The Tennessee Department of Education unveiled plans Thursday to fine-tune a crucial component of teacher evaluation scores in response to educators’ concerns.

Meeting before the State Board of Education, state officials said they are changing the Tennessee Value Added Assessment System (TVAAS) after receiving feedback from district leaders across the state and the newly created teacher advisory council.

TVAAS uses up to five years of student scores on the statewide assessment to determine a teacher’s contributions to students’ growth. It can count for up to 35 percent of teacher evaluation scores, which can be tied to tenure and salary increases.

The department is eliminating “re-estimation,” a step that examines student performance in subsequent years to make slight adjustments to prior years’ test scores, and changing the way it sets expectations for student growth.

Department officials decided ultimately that re-estimation is a complex step with little impact on teachers’ TVAAS scores, said Tony Pratt, deputy assistant commissioner for the Data and Research Division,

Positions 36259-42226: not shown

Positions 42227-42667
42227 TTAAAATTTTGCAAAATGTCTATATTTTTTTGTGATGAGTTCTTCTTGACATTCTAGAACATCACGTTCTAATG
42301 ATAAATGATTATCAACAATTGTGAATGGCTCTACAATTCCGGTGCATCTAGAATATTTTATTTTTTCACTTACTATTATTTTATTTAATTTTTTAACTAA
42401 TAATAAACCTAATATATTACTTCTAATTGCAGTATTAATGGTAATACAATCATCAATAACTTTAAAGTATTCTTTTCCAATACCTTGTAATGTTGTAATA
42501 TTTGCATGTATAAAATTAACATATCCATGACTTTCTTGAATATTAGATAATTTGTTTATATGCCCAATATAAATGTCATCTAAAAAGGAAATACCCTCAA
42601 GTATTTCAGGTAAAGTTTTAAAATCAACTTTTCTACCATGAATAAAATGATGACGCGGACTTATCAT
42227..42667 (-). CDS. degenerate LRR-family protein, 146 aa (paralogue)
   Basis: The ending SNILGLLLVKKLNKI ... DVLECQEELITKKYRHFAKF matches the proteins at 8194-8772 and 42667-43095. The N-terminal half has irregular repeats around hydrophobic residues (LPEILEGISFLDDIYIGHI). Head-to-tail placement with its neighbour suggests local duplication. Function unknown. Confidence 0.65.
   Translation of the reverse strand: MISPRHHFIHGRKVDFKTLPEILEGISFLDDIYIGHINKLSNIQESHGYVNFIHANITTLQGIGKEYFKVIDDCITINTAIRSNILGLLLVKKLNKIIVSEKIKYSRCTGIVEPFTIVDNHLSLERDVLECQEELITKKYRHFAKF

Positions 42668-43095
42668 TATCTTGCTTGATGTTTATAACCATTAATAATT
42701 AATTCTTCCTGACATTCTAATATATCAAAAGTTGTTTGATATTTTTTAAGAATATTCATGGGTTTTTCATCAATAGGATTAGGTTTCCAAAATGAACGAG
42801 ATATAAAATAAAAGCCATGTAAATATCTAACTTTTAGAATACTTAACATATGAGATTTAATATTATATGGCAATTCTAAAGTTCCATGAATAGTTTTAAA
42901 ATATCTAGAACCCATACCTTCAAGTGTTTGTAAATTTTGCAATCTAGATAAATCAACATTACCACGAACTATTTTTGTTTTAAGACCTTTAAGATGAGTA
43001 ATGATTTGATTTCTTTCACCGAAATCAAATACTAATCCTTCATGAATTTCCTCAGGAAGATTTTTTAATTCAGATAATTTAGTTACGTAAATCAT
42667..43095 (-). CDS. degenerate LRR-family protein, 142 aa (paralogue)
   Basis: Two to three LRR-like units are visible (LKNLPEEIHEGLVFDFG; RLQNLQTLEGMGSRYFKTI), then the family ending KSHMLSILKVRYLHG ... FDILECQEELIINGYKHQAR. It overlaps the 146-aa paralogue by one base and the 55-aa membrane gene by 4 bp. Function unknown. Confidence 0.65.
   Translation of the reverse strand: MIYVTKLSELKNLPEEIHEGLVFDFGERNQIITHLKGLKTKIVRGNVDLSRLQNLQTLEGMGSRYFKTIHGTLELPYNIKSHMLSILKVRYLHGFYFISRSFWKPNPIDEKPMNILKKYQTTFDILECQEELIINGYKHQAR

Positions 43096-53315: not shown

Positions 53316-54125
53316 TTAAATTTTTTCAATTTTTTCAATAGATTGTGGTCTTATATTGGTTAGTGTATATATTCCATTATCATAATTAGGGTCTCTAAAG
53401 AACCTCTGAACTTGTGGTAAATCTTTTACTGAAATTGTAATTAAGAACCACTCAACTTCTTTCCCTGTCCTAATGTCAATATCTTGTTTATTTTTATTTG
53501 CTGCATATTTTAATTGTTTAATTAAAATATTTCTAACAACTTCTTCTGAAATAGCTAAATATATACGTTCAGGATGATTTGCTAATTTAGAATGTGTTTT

In the past, the department compared student growth in a given year to students with comparable scores in a set year, most recently 2009.

Starting with the 2015-2016 school year, the department will compare student growth to the growth of students with comparable test scores in the current year, which they always have done for early grades and high school.

Pratt said the former approach led to a large and possibly skewed variation in scores.

“The process can be difficult to explain, difficult to understand, and that can lead to some concern [from teachers],” Fleming said. “In addition, eliminating it brings methodology into closer alignment with early grades and [high school teachers].”

Fielding Rolston, chairman of the Board of Education, said the updates appear to be a step in the right direction. “I always thought the re-estimation thing — only a statistician could love that,” he said. “I’m confident that these changes will be well-received.”

But Samantha Bates, director of member services for the Professional Educators of Tennessee, said the changes are unlikely to make a meaningful difference to teachers.

“The re-estimation doesn’t sound like it will affect teachers at all,” she said. “The second change, will help teachers. … I think teachers will feel it’s more fair to be judged on the kids who are students now, than the kids they had in 2009.”

“Ideally,” she said, “teachers would tell you they don’t want to be evaluated based on other people.”

 Correction: An earlier version of this article misattributed Tony Pratt’s quotes to Paul Fleming.